Last modified: Friday, May 7, 2010 11:39 PM EDT Girls Inc.

feted during Law Day By Laura Paine and Thor Jourgensen / The Daily Item LYNN - Recognized for their diligent and tireless commitment to girls ages 6-18 within the community Girls Inc. accepted the Lynn Juvenile Court Law Day Award on Friday, presented by Associate Justice Amy L. Nechtem. Program directors and the board president of Girls Inc. were present to support executive director Patricia Driscoll as she accepted the award. Essay contest winners included Itohan Edosomwan of Lynn English and Aimee Nunez of St. Mary's. The art contest winner was Danielle Hayes. "Every year we present a Law Day award to an Aimee Nunez, who placed first in her school exceptional member of our community for work in the Law Day essay contest, accepts her award and got to read her essay at Law Day that they perform in the betterment of children 2010 on Friday. Item photo / Owen O'Rourke and families of Essex county," Nechtem said. "Girls Inc. is a vital entity serving the youth and families (as well as the Greater Lynn area) building a stronger, accomplished and responsible individual resulting in a stronger responsible citizenry." Driscoll said everyone at Girls Inc. is thrilled with the award. "It's very exciting," Driscoll said. "It really is a joint effort between staff, volunteers and of course the girls themselves and their families. We have been so fortunate for almost a year to really have higher visibility. Since June of 2009, with our magnificent new facility, we have been able to take advantage of that and get more people involved." Mayor Judith Flanagan Kennedy opened the ceremonies by signing a Law Day proclamation. The Honorable Michael F. Edgerton, Juvenile Court chief justice, spoke about the history and importance of Law Day, which was established in 1958 by President Dwight D. Eisenhower to commemorate the great heritage of liberty, justice and equality under the law of the United States. "Why do we observe Law Day? We honor and show appreciation for the freedoms we enjoy and to affirm respect for our laws," Edgerton said. "It is very important we as citizens become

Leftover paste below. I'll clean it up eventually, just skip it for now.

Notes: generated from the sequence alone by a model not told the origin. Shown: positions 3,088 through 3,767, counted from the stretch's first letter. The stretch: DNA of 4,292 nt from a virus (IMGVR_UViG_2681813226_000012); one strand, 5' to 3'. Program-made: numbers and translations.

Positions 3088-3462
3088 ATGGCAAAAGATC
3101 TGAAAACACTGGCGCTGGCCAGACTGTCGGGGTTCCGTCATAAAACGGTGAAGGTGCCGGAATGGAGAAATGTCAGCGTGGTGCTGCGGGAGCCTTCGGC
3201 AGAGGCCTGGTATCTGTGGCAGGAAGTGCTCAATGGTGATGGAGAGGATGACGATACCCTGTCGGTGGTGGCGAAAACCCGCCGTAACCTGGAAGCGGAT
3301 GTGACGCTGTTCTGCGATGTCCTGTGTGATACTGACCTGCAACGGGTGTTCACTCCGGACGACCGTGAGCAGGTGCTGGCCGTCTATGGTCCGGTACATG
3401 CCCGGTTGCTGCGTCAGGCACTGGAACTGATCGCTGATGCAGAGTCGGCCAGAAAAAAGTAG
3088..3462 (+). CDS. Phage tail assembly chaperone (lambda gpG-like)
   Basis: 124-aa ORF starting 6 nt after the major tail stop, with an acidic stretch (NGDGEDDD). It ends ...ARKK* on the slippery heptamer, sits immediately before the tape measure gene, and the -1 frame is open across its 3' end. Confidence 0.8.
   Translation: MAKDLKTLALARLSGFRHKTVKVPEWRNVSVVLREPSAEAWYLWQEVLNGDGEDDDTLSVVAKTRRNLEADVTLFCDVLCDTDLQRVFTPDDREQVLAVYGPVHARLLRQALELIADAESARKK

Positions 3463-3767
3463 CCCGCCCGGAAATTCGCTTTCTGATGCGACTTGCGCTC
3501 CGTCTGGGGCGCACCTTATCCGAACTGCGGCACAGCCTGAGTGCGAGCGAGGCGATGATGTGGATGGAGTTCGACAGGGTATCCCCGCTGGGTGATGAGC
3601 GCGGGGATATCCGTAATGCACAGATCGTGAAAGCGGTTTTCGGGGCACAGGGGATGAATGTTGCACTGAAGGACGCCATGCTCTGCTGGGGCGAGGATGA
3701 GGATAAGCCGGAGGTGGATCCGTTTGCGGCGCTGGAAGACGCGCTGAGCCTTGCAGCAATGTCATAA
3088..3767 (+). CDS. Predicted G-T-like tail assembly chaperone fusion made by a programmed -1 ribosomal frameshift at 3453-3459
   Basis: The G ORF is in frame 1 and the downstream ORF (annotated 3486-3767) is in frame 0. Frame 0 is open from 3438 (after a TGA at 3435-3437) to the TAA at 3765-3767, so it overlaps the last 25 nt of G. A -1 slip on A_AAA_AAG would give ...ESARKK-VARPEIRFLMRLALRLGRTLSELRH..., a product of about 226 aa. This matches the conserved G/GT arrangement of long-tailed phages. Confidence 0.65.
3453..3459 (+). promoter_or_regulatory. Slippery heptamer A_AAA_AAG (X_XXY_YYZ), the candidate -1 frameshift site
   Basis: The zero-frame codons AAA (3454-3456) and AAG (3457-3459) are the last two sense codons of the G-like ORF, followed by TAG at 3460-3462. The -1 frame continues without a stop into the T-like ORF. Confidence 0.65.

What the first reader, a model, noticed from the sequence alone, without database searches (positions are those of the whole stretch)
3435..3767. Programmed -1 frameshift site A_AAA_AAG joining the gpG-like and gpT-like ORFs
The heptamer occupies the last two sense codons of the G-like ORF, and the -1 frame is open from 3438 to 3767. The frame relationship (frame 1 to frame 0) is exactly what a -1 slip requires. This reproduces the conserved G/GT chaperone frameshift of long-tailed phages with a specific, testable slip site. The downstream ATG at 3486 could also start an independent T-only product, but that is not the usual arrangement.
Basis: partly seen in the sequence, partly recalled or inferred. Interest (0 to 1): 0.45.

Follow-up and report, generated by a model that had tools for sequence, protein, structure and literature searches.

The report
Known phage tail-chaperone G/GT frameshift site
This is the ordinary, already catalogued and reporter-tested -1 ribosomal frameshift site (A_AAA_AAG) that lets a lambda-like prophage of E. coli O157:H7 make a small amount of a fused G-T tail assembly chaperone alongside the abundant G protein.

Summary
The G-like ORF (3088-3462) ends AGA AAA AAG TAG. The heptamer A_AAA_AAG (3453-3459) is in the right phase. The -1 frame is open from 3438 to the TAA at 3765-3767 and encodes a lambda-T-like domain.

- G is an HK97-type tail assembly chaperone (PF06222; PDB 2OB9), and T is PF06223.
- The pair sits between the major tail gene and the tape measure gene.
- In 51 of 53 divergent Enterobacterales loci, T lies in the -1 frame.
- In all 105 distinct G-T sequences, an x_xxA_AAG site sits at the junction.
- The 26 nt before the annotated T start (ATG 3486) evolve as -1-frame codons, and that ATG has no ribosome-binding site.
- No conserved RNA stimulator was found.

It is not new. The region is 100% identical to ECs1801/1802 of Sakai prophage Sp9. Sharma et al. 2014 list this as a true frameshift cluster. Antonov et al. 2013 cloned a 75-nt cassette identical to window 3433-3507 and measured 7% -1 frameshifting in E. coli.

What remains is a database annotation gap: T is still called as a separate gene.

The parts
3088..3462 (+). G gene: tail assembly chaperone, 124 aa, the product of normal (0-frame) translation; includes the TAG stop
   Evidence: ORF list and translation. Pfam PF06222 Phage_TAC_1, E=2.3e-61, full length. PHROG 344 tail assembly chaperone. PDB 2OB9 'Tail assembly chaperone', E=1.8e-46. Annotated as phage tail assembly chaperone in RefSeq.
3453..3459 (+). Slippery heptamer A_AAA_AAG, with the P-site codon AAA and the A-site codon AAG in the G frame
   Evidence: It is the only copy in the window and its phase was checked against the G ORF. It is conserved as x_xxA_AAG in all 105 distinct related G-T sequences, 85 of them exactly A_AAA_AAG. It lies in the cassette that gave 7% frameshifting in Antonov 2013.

involved in the making of laws and that we become actively involved by serving on juries and cooperate with law enforcement." The theme of the day was "Law in the 21st Century: Enduring Traditions, Emerging Challenges" which asked students to examine the dramatic changes in law and how to adapt to new conditions in a global era, including issues such as human rights, criminal justice, intellectual property and environmental regulations. Edgerton spoke of how business and profit have accounted for the large expansion of the profession "while minimizing the good work for those who cannot represent themselves," suggesting those considering law go into public service. Students who participated in the annual essay contest, which focused on the day's theme, from Lynn English, St. Mary's and annual art contest participants of Fecteau-Leary School, were led on a tour of the court by Jay Fraher.

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